One Taiwanese couple has given new meaning to the phrase 'work smarter, not harder' after taking advantage of a legal loophole which requires them to get time off work after getting married.
According to the New York Times, paid "marriage leave" was introduced in Taiwan in 1984 as part of other employment benefits such as public holidays and time off for illness and bereavement.
But keen to make the most of the holiday period, the Taiwanese couple found a way to maximise it: by divorcing three times and marrying four in just over a month.
After the story went viral on social media, Taipei's Labour Department confirmed this week the anonymous bank worker had claimed a total period of 37 days paid leave - around eight days for each of the nuptials, plus weekends.
According to CTV the man's employer refused to pay out the leave and was subsequently slapped with a fine of TW$20,000 (NZ$930) by the city labour department for violating the regulations.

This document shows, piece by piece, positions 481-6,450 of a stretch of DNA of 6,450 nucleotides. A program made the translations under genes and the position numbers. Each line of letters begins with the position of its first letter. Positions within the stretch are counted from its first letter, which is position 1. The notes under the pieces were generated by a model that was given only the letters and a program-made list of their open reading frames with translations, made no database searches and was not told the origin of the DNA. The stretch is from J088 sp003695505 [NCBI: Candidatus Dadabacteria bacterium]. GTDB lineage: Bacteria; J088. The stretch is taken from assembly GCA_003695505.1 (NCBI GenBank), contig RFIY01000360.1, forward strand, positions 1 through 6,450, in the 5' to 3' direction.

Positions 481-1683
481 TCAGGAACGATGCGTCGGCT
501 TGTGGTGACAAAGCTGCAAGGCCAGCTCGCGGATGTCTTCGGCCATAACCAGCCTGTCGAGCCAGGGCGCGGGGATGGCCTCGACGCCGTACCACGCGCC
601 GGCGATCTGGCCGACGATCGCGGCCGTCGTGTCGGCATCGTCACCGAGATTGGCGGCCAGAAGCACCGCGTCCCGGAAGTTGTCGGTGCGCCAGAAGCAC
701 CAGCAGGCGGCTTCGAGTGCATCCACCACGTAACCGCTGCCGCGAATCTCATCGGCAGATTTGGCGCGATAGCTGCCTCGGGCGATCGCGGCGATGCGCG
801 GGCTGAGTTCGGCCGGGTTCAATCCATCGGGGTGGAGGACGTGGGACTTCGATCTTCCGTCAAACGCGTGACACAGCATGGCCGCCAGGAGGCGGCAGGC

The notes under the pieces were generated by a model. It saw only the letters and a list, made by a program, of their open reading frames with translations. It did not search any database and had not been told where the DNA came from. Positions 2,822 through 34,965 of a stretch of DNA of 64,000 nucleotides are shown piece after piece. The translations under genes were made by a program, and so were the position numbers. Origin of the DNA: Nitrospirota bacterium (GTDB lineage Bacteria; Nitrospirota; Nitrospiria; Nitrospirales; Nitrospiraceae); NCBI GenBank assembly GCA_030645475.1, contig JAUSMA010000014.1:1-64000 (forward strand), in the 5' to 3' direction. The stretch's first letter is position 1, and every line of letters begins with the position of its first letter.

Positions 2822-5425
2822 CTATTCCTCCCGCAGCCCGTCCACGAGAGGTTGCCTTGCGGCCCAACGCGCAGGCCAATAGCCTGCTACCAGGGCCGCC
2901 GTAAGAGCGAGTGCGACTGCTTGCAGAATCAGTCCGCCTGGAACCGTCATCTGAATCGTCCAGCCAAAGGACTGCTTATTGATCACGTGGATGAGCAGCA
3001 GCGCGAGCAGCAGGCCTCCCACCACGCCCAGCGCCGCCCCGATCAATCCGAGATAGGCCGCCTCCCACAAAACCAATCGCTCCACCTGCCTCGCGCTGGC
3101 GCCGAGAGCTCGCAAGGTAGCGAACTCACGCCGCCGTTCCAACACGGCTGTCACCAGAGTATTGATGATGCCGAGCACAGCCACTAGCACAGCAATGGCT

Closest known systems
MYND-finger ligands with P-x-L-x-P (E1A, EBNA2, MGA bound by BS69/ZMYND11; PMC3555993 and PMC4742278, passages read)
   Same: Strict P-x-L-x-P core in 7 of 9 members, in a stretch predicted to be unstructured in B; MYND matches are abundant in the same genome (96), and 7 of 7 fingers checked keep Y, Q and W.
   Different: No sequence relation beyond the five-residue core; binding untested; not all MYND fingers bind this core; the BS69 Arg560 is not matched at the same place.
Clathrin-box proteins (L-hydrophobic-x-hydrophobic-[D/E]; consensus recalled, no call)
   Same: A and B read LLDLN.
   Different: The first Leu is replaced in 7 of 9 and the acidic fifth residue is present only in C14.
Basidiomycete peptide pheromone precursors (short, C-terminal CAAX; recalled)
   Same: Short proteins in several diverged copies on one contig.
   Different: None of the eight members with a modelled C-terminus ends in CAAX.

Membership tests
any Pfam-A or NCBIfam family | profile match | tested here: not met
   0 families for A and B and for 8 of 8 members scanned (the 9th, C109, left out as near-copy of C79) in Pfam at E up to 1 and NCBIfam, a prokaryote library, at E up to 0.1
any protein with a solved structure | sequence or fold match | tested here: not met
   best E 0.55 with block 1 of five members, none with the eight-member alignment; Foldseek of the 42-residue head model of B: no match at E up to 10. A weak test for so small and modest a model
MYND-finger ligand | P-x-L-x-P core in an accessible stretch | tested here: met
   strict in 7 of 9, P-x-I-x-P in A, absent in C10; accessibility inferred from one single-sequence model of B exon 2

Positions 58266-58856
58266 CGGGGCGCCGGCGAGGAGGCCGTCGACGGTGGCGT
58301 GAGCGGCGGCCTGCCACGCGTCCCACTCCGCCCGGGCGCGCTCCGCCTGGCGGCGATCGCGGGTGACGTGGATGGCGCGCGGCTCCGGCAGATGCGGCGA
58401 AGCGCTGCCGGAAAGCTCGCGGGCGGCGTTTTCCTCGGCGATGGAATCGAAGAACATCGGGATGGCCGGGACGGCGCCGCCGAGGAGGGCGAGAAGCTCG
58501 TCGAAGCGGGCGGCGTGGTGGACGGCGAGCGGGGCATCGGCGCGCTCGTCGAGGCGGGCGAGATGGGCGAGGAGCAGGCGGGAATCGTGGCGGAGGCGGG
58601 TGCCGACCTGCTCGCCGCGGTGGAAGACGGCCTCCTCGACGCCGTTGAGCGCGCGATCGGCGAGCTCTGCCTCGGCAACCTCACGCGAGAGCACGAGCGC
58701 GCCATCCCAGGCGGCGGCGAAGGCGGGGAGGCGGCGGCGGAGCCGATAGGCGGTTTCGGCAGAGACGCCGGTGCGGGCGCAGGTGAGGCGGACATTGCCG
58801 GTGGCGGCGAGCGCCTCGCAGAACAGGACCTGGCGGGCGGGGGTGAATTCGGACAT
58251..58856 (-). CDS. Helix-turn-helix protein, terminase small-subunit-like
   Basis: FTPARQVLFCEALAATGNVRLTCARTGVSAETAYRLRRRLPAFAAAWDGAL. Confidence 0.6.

In a Facebook post earlier this month, Vivian Huang, deputy mayor of Taipei, said she was "speechless" about both the ruse and the ruling.
"In this case, it is obvious that the employee deliberately used marriage leave to profit from it. This obviously violates the principle of good faith," she wrote.
While the fine against the bank was dropped, the unnamed groom is reportedly still seeking reparations for his leave, as there are currently no restrictions on how often an employee can apply for marriage leave.
We could see that law changing very soon.